F. Scott Fitzgerald

F. Scott Fitzgerald was a prominent American novelist and short story writer, widely known for his portrayal of the Jazz Age in the 1920s. His most famous novel, 'The Great Gatsby', is considered a masterpiece of American literature and a classic portrayal of American society during that era. Fitzgerald's works are celebrated for their evocative depiction of the Roaring Twenties and their exploration of themes such as wealth, class, love, and disillusionment.


This list of books are ONLY the books that have been ranked on the lists that are aggregated on this site. This is not a comprehensive list of all books by this author.

  1. 1. The Great Gatsby

    Set in the summer of 1922, the novel follows the life of a young and mysterious millionaire, his extravagant lifestyle in Long Island, and his obsessive love for a beautiful former debutante. As the story unfolds, the millionaire's dark secrets and the corrupt reality of the American dream during the Jazz Age are revealed. The narrative is a critique of the hedonistic excess and moral decay of the era, ultimately leading to tragic consequences.

  2. 2. Tender Is the Night

    Set in the French Riviera in the 1920s, the novel traces the tragic tale of a young psychiatrist, his beautiful wife, and the drama that unfolds amongst their circle of wealthy expatriate friends. The psychiatrist's wife suffers from mental illness, which leads to his own downfall as he struggles to keep his marriage intact and maintain his professional reputation. The narrative explores themes of wealth, love, desire, and the destructive power of obsession, painting a haunting portrait of the dark side of the glamorous Jazz Age.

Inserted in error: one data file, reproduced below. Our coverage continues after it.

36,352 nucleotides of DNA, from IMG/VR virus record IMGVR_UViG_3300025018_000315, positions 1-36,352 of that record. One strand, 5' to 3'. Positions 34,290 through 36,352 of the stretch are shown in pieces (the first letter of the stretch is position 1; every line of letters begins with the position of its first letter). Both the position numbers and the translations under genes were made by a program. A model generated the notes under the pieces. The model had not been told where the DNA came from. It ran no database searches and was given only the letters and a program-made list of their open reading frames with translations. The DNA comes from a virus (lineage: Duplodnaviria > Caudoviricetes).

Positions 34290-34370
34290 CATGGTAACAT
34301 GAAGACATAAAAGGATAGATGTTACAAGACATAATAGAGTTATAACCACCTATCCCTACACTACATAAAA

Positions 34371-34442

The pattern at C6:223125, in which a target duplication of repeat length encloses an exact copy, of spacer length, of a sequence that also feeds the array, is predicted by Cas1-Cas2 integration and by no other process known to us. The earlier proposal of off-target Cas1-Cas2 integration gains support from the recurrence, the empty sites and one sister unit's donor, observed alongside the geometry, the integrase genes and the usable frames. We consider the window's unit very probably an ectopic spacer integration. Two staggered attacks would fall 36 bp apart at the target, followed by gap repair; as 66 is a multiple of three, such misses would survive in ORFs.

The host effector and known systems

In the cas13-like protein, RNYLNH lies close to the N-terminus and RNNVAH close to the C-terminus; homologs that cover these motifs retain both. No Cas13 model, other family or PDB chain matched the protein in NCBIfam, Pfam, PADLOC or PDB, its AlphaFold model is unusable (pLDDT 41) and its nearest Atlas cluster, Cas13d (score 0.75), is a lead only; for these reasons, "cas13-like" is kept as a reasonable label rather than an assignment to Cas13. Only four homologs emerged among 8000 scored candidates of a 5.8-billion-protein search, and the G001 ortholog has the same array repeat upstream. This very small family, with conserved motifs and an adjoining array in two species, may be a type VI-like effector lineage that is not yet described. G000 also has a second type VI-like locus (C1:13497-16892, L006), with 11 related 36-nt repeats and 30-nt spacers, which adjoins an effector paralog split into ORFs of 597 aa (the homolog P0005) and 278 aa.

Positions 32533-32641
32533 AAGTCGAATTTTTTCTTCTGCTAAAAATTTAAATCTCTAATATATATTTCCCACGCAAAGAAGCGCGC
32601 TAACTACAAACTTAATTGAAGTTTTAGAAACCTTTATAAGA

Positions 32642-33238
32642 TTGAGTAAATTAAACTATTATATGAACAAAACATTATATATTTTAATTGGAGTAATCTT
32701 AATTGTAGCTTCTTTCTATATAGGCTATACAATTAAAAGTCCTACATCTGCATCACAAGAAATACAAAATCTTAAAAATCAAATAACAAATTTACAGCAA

3. 3. The Short Stories of F. Scott Fitzgerald

    This book is a collection of short stories written by a renowned American author, known for his depictions of the Jazz Age (the 1920s), with all its excess, glamour, and despair. The anthology includes both popular and lesser-known works, providing a comprehensive view of the author's talent and versatility. The stories explore themes such as wealth, ambition, love, and disillusionment, capturing the spirit of an era and the complexities of the human heart. Each narrative is rich in symbolism and offers a profound, often melancholic, insight into the American Dream.

  4. 4. This Side of Paradise

    This novel follows the life of Amory Blaine, an attractive and privileged young man who grows up in the early 20th century United States. It explores his experiences in prep school, at Princeton University, and in the real world after graduation, as well as his relationships with a series of young women. The protagonist's life is marked by his pursuit of wealth, status, and love, and his eventual disillusionment with the values of his society. The novel is a critique of the American Dream and a reflection on the lost generation of the 1920s.

  5. 5. The Beautiful and Damned

    This novel tells the story of Anthony Patch, a 1920s socialite and presumptive heir to a tycoon's fortune, and his wife Gloria. As they await the inheritance of his grandfather's estate, their reckless marriage deteriorates into a cycle of alcohol, parties, and squabbles, leading to their downfall. The narrative provides an exploration of the themes of greed, status, and the fleeting nature of youth and beauty.

  6. 6. Babylon Revisited And Other Stories

    This collection of short stories delves into the lives of various characters grappling with the aftermath of the Jazz Age and the onset of the Great Depression. The narratives explore themes of loss, regret, and the struggle for redemption, often through the eyes of once-wealthy Americans who are now facing the consequences of their former extravagance. The centerpiece story follows a man's poignant attempt to regain custody of his daughter and confront the ghosts of his past in a Paris that no longer glitters with the same promise as it did during the heady days of the Roaring Twenties. Each tale in the anthology offers a glimpse into the complexities of human emotion and the social upheavals of the time, showcasing the author's keen insight into the human condition and his mastery of the short story form.

  7. 7. The Crack-Up

    "The Crack-Up" is a collection of essays and letters penned during a critical period of the author's life, reflecting his state of mind during his personal and career crisis in the 1930s. The book includes the author's personal reflections, his observations on contemporary American society, and his views on literature. It provides an intimate look into his struggle with alcoholism, his failing marriage, and his own sense of self-worth, offering a stark contrast to his earlier, more optimistic works.